Councillor faces criticism for suggesting city choose easier Indigenous street names

A councillor's suggestion that the city choose Indigenous names for streets and neighbourhoods that are easier to pronounce and spell was met with criticism from colleagues Tuesday. Coun. Bryan Anderson told council the city should consider using easier Indigenous names for new streets and neighbourhoods.

Indigenous languages were here first, Mayor Don Iveson says in response to Bryan Anderson's comments

Mayor Don Iveson and Chief Billy Morin at a naming ceremony in February. ((Lydia Neufeld/CBC))

A councillor's suggestion that the city choose Indigenous names for streets and neighbourhoods that are easier to pronounce and spell was met with criticism from colleagues Tuesday.

Coun. Bryan Anderson told council the city should consider using easier Indigenous names for new streets and neighbourhoods.

He asked if the city's naming committee could look at the "usability" of names by choosing different ones or using literal translations.

A name such as Kaskitayo works but Maskekosihk Trail — pronounced Muss-Kay-Go-See — causes problems, he said.

Anderson suggested the city consider "the possibility of using literal translations or phonetic spelling, allowing Cree names that are phonetically able to be spelled or pronounced, and using the literal translation when the name is extremely difficult or impossible to spell unless you rote memorize it."

Later Tuesday, Mayor Don Iveson said such questions are best left to the city's naming committee. But he said using Indigenous names is "a significant act" of reconciliation.

"I think it's really important to remember that the language that's actually precedent here — that's been spoken here for thousands of years — those languages are Indigenous languages and in particular, Cree," Iveson said.

"In the gesture of working to acknowledge that the language of this place historically was a different language, that's how we recognize and decolonize what is otherwise a narrative of conquest — and language is part of conquest."

Driving out Indigenous language was one of the reasons for the residential school system, Iveson said — "to excise cultural practices and languages from Indigenous peoples."

Coun. Ben Henderson also said he has "some trouble" with Anderson's remarks.

"Frankly, the First Nations names were here before we were, so arguably we should be learning to translate it the other way," Henderson said.

"And I think going down that road is part of the journey that we have to go, if we truly want to take reconciliation seriously.

"We learn all sorts of names. A lot of our language has come from other languages. We've been able to adapt to it, and I think it's probably time we learned to adapt — as the newcomers — to the names that were here before us."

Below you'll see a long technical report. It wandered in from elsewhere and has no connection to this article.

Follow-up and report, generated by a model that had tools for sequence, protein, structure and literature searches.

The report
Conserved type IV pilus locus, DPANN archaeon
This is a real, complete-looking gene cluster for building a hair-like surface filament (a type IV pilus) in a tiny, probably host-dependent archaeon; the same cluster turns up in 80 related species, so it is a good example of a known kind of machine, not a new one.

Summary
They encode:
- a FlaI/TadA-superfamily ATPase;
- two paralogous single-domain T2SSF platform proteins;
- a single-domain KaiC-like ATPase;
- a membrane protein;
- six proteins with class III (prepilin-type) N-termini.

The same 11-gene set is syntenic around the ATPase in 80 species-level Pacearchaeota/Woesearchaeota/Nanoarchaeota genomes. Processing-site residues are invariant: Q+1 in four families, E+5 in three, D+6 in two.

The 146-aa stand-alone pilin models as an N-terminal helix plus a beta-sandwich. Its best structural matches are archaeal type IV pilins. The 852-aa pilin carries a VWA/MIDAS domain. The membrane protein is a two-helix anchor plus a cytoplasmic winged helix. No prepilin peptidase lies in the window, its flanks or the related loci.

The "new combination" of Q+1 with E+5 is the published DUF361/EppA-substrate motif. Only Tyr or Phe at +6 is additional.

The city has been giving some streets and neighbourhoods Indigenous names as part of its path toward reconciliation and to recognize and celebrate centuries of Aboriginal history.

In February, dignitaries gathered at city hall to announce that a section of 23rd Avenue would be renamed Maskekosihk Trail.

The Cree word means "people of the land of medicine."

Anderson said the name is problematic.

Coun. Bryan Anderson wants First Nations street and neighbourhood names put through a "usability lens". (Nola Keeler)

"Spell it on a legal document quickly," he said. "Why would we create situations where people are going to be forced to struggle when there are some usability solutions?

"One is, go ahead and use the names when the phonetic spelling is easy to pronounce, or use literal translations for streets and neighbourhoods, which are used by thousands of people every day."

No need to 'bend over backward'

Anderson pointed to some names he said were not difficult to spell or pronounce, such as Kaskitayo, as an example of an Indigenous name that did work.

Kaskitayo is a residential area in the city's southwest. The name is derived from the Cree word for "blackmud creek."

Anderson said he's not asking that any current names be changed.

"That's why I'm saying consider these things when selecting names, and that's all," he said. "Things that are in place are in place. If we can have a more usable name and still acknowledge an Aboriginal place or name or person, let's do so."

Asked if he was worried about political backlash for bringing this up at council, Anderson replied: "Obviously not."

He said Edmontonians probably struggled with some Ukrainian names when they were first introduced as street or neighbourhood names.

"We learned and we may do exactly the same thing," he said.

But he still wants to see the naming committee consider his concerns.

"We don't need to bend over backward to be authentic if there is a more usable alternative that accomplishes the same thing."

Henderson pointed out that the naming committee is the only committee that doesn't need city council's approval for its decisions.

"I think we need to trust them to do their job," he said.

About the Author

Nola Keeler

Nola Keeler is an award-winning journalist who has worked with CBC in Whitehorse, Yukon and Edmonton since 2000. She has worked as a host, reporter, news reader and producer for CBC. Send story ideas to nola.keeler@cbc.ca.